Granted, there are a few potential flaws with this argument.
From the factory, some of the earlier Miatas, with zero to 60 times of 9.6 seconds, felt slower than a riding lawn mower. Meanwhile, the new MX-5 is capable of running from zero to 60 in just under six seconds. For this point, some used Miata owners would argue they would rather spend the extra coin on a couple thousand dollar turbocharger kit for their roadster, rather than shell out the cash for a totally new car. Either way, we usually find that with that whole wind-in-your-face sensation while behind the wheel of a Miata, whether new or used, you're not really stressing all that much about acceleration times.
For safety, assuming we're speaking about a relatively rust-free example, Miatas have always been impressively safe considering their size - especially when equipped with a sturdy and functional aftermarket roll bar. Though, one of the main arguments for buying a Miata is that it handles so tight that the driver should be able to avoid most crashes, except for well, the ones that he or she can't.
As Car & Driver has noted, the first-generation Miata passed all government crash tests that it was required to go against. It scored threes and fours out of five on its safety tests and was even considered to be safer in a multi-vehicle crash than the Corvette of its time. Similarly, the new Miata was given a four-star overall rating by the European New Car Assessment Program. So either way, you'll be safe.
But then there are its looks. The new Miata is a surprising attention-getter. Driving it around the streets of New York City attracts eyes from pedestrians and other motorists. Several times when we had the new vehicle out, we were approached by curious and excited people who would ask about how we enjoyed the car, its price, and by some who just wanted to offer complements.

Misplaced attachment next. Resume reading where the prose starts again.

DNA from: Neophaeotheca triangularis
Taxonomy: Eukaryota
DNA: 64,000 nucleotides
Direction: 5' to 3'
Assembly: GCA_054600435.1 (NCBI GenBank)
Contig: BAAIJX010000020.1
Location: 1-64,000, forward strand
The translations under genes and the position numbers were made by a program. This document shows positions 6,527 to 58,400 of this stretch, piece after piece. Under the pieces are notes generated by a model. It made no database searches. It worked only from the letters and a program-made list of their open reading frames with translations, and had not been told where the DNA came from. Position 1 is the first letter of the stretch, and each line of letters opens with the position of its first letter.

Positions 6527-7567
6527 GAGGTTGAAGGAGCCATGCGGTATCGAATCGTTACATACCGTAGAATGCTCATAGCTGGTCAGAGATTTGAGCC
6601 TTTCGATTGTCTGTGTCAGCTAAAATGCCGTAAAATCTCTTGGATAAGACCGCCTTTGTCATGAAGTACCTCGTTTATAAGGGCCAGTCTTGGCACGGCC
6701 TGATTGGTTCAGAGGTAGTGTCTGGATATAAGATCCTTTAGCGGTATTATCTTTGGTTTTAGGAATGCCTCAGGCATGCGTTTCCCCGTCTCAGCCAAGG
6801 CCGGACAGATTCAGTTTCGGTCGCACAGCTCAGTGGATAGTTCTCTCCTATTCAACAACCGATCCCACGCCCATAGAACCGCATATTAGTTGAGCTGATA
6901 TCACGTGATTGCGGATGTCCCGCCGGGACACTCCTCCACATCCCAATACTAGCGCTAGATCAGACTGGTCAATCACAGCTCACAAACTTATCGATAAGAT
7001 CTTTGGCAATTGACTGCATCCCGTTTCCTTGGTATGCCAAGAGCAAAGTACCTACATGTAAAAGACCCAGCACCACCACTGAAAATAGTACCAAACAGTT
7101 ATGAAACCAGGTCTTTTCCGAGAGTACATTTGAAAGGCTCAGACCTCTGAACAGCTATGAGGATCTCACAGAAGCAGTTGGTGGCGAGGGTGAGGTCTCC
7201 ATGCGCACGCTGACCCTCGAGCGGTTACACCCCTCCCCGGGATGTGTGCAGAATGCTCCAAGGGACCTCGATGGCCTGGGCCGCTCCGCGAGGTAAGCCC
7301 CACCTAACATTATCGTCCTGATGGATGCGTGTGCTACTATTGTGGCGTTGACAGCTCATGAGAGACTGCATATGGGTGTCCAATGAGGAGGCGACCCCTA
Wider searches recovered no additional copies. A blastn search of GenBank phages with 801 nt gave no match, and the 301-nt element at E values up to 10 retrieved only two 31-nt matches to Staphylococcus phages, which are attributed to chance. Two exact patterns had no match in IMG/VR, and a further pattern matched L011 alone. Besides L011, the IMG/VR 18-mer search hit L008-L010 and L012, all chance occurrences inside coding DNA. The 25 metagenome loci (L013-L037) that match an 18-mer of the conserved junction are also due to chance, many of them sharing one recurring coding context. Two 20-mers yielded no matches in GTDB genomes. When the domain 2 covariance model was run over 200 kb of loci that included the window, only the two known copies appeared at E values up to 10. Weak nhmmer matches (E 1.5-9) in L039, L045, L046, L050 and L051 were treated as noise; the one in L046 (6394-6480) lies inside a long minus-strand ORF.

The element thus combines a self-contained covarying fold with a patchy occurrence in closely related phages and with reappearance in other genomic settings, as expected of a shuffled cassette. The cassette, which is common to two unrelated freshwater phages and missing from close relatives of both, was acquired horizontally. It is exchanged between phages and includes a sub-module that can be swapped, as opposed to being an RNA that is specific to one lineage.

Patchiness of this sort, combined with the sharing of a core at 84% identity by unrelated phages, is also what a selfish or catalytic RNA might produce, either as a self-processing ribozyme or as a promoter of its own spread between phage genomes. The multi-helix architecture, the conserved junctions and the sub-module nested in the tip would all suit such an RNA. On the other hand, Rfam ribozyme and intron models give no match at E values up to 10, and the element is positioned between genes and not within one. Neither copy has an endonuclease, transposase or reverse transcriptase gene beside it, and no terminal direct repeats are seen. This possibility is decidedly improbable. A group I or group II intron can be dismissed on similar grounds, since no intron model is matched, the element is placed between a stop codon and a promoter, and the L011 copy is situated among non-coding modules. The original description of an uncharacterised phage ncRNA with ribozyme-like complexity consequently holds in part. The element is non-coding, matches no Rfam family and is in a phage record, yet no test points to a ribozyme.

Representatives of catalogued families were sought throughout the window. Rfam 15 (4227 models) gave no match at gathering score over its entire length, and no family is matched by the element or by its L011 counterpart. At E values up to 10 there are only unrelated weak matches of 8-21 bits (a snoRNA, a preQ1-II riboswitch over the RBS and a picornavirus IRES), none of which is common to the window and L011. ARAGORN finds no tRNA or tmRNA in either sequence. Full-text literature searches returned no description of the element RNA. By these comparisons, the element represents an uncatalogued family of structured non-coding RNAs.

The same can't be said with a 20-year-old or so Miata.
Though enthusiasts often show their support for the Miata-saving cause, non-car lovers are usually nowhere near as attracted to used examples of the roadster. But who buys a Miata for attention?
There's also the tech argument. The new Miata can be had with a navigation system, keyless entry, LED headlights, and other features that offer the sorts of tech one would expect to find a new sports car. While some of those things could be retrofitted to an older Miata, optional safety technologies like rain-sensing wipers, blindspot monitoring, rear cross-traffic alert, and the lane departure warning system cannot. If those kinds of features are vital to your driving habits, then stick with a car that's fresh off the lot. To us, though, it's still not worth ponying up the cash.
In the end, there are really only two reasons you should acquire a new Miata. One, you only lease cars. Or two, you want the enjoyment of owning something new, with all the gizmos and tech that comes with it.
Whether you choose a new or used Miata, you'll be left with one of the most enjoyable and backroad-friendly cars you can buy. You can't really go wrong with either.